Putin nemesis reveals the ‘real money’ funding Kremlin’s war


A trillion dollars: That’s how much money famed investor Bill Browder believes Vladimir Putin and Russian oligarchs have stolen from the Russian people since the fall of the Soviet Union, Alexander Nazaryan writes for Yahoo News.

“And that was money that was supposed to be spent on health care and education, roads and services,” Browder said at a Manhattan event to celebrate the publication of his second book, “Freezing Order,” which chronicles how he became a Putin nemesis as a result of his attempts to expose Kremlin corruption. Those efforts led to the death of Browder’s attorney Sergei Magnitsky, who was tortured in a Russian prison and whose name is affixed to sanctions bills passed by Congress.

His life mission is to “get justice for Sergei,” says Browder.

German authorities this week impounded “the world’s largest yacht” for its ties to a Russian oligarch, The Post reports. Germany’s federal police said Tuesday that “through extensive investigations despite offshore concealment,” it found that the yacht is owned by Gulbakhor Ismailova, the sister of Russian billionaire Alisher Usmanov.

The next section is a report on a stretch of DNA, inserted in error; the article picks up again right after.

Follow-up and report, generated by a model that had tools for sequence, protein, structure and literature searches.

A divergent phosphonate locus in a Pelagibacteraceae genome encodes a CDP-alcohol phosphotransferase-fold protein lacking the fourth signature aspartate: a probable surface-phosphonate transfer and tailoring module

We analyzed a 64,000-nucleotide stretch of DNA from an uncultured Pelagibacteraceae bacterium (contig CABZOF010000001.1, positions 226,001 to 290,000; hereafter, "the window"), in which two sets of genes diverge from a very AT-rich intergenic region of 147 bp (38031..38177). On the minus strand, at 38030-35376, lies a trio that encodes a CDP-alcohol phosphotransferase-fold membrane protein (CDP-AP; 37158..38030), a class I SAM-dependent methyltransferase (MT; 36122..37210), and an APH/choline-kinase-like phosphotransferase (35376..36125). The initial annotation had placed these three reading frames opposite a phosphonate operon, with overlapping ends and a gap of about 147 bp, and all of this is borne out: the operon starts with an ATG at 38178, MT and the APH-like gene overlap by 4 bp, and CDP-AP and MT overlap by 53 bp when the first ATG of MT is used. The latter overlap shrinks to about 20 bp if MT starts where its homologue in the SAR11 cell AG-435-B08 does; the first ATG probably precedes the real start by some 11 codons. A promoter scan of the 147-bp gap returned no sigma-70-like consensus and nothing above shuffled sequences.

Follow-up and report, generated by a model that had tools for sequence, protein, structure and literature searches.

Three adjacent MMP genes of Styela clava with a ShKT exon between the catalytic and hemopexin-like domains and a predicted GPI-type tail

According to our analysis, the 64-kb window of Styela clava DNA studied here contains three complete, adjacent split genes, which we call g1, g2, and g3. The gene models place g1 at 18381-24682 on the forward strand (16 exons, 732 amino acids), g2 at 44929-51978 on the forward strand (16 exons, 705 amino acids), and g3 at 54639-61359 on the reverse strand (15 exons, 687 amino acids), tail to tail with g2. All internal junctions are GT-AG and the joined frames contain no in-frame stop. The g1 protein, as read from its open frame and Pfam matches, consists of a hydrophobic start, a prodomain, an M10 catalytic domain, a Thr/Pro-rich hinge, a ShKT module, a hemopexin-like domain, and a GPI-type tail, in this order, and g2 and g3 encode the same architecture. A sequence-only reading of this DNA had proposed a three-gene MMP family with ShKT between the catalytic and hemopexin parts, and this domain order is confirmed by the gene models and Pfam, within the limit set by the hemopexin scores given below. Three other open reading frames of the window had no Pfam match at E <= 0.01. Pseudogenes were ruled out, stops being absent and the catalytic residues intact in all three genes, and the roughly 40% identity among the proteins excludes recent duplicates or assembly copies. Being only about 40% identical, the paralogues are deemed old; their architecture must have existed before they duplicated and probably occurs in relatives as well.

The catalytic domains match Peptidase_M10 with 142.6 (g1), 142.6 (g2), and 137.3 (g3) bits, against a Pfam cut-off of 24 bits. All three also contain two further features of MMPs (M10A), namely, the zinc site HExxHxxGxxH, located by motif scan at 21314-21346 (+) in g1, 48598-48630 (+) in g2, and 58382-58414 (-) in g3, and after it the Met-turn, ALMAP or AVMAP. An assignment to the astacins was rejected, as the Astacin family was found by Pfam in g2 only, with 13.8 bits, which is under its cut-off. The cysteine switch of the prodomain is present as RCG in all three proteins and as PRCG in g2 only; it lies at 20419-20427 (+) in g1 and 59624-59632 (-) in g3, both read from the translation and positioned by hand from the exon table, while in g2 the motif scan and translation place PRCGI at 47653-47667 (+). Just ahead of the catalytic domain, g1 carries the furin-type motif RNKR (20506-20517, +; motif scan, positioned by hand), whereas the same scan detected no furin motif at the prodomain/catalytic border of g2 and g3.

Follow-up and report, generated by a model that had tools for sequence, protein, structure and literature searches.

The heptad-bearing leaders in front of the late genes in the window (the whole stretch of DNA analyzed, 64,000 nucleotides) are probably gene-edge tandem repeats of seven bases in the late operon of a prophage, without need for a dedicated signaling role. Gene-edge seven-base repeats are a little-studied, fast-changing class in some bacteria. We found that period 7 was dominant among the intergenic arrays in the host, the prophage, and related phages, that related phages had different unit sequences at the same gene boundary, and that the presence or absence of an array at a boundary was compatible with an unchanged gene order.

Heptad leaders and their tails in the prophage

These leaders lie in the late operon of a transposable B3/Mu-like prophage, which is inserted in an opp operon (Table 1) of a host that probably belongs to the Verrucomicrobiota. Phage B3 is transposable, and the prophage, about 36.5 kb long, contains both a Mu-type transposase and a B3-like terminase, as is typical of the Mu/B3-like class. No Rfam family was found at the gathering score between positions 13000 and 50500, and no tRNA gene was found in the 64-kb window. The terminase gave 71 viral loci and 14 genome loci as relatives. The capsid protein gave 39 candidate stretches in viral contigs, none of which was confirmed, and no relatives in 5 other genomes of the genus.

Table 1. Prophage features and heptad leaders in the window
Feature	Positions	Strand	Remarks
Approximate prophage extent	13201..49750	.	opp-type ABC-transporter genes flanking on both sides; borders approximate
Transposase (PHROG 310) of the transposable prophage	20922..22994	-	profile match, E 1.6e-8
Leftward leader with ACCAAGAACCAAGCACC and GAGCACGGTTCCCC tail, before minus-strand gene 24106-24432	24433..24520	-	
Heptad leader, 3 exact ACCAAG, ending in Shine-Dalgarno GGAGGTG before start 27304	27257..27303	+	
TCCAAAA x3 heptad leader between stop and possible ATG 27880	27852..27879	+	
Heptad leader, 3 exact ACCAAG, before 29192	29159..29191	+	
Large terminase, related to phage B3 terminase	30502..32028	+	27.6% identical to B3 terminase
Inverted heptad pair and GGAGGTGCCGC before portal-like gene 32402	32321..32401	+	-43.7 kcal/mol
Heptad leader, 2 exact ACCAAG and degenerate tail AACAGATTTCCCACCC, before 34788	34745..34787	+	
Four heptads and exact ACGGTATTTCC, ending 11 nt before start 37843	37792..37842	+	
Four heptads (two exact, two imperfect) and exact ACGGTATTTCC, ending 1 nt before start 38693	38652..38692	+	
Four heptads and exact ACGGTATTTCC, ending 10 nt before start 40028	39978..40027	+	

Russia’s elite are more accurately referred to as ‘tycoons’ of industry rather than oligarchs because they lack political influence, says Tom Keatinge, the director of financial crimes and security studies at the Royal United Services Institute. The current sanctions against are largely “symbolic” and amount to a “PR exercise,” he told CNN. 

Credit ESI

As one of the first Western investors to venture into post-communist Russia, Browder was also blunt in his views on the risks of doing business with Russian oligarchs, the billionaires whom he argues are simply trustees for Putin’s wealth and agents of his regime, Institutional Investor adds. These people, he says, have helped make Putin the richest man in the world. Before recent sanctions began to dent the oligarchs’ fortunes, Browder estimated that Putin was worth $200 billion or more.

“You don’t want to take [the oligarchs’] money because if you lose it, they’ll kill you,” is the message Browder relayed to his fellow financiers.

Learning of Magnitsky’s death was “the most heartbreaking, traumatic, and devastating moment of my life,” Browder writes — and a sign of how committed Putin was willing to pursuing perceived enemies of the state.

“Everyone tries to think about Russia as a sovereign state and Putin as a leader acting in national interest,” Browder told Yahoo News, describing that outlook as a fundamental misunderstanding. “You think you can apply political science to Russia. You need to apply criminal science. You need to be a criminologist to understand Russia. People don’t go into government to serve the country. They go into government to steal money.”

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